Called the Gargano, this mountainous wooded promontory is the "spur" of Italy. The best time to come is autumn, when you can enjoy the colors of the Umbra Forest (Foresta Umbra), featuring maples, ashes, cedars, and chestnuts. There's a timeless quality here. You'll find pristine salt lakes at Lesina and Varano, where you can enjoy swimming and watersports in the mild climate and calm waters. The coast is a series of cliffs, rocks, caves, islets, and beaches. Vegetable gardens grow inland on a landscape dotted with flocks of sheep and goats. In addition to nature's wild and varied landscape, the promontory is rich in historical interest, boasting monuments that are Byzantine, Romanesque, Norman, and medieval.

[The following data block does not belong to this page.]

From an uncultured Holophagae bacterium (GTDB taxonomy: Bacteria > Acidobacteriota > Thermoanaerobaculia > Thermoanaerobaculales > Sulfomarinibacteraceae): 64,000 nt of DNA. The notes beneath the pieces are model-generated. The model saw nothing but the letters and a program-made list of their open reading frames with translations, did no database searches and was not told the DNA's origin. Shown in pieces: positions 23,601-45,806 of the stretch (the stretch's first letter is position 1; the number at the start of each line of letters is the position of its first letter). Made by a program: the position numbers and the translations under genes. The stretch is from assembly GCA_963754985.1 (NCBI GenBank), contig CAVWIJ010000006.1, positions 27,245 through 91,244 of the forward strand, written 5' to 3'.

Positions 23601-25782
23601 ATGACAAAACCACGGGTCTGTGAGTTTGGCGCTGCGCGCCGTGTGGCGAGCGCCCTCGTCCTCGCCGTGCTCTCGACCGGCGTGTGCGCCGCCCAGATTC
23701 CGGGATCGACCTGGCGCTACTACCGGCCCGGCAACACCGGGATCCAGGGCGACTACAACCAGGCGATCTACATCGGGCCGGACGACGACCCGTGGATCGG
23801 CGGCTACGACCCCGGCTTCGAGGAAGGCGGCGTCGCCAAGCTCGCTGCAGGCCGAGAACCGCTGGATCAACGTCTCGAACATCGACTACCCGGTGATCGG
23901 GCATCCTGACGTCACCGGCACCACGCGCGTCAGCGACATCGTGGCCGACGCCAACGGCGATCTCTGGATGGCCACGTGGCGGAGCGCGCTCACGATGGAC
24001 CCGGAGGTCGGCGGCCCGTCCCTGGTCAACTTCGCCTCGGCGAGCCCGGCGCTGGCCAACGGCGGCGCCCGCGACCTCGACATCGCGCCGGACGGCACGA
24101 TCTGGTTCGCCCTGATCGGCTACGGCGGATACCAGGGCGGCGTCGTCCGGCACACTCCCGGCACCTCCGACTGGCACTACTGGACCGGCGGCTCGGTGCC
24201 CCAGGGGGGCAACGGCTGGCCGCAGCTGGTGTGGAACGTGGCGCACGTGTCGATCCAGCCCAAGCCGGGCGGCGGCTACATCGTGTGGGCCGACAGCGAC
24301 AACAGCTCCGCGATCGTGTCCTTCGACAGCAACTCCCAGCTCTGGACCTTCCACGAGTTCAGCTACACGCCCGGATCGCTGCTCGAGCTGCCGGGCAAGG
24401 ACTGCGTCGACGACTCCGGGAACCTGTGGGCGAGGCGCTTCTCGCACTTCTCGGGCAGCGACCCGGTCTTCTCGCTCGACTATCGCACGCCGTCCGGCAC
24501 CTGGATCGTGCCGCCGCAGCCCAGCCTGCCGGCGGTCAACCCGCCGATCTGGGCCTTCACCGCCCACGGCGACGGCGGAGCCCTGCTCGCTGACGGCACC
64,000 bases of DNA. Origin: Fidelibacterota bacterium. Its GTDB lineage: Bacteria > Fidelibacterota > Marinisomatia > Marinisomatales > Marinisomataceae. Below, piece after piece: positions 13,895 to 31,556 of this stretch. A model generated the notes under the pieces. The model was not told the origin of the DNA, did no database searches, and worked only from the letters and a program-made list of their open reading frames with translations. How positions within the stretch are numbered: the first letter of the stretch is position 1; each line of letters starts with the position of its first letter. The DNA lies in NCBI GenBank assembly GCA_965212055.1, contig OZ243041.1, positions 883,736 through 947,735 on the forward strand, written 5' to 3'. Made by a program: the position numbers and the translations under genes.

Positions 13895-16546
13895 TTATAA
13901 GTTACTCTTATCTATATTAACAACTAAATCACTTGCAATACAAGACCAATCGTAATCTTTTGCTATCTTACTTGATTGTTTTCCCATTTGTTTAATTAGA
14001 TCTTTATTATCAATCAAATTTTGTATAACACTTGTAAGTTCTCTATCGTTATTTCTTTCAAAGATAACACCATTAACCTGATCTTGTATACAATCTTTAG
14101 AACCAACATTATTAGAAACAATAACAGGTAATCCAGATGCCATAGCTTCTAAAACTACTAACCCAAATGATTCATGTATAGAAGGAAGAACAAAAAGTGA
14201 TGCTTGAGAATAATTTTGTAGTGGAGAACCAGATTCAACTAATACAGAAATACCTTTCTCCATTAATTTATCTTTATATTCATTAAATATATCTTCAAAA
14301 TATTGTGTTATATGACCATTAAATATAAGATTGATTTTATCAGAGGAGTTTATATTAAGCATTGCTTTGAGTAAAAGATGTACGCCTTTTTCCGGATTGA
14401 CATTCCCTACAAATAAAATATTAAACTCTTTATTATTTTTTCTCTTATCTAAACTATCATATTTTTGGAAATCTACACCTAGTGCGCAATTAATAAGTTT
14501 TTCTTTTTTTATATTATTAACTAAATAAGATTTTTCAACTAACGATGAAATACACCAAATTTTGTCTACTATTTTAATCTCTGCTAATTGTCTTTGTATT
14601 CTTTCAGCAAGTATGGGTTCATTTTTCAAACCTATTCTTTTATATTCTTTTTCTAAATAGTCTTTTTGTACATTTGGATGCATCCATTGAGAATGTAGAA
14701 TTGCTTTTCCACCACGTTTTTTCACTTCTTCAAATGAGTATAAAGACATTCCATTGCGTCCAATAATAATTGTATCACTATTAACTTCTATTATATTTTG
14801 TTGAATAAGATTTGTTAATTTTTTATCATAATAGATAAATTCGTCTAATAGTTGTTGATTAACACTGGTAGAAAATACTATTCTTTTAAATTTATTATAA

It'll take a leisurely 7 hours to drive around the Gargano, staying on Route 89. We consider this sometimes-difficult route among the most scenic drives in Italy. In ancient times, the peninsula was an island, until the sediment from a river eventually formed a "bridge" linking it to the mainland. Train service is limited to a private spur along the northwestern coast. Travelers who want to fully explore the area by bus or car will use Manfredonia as the gateway.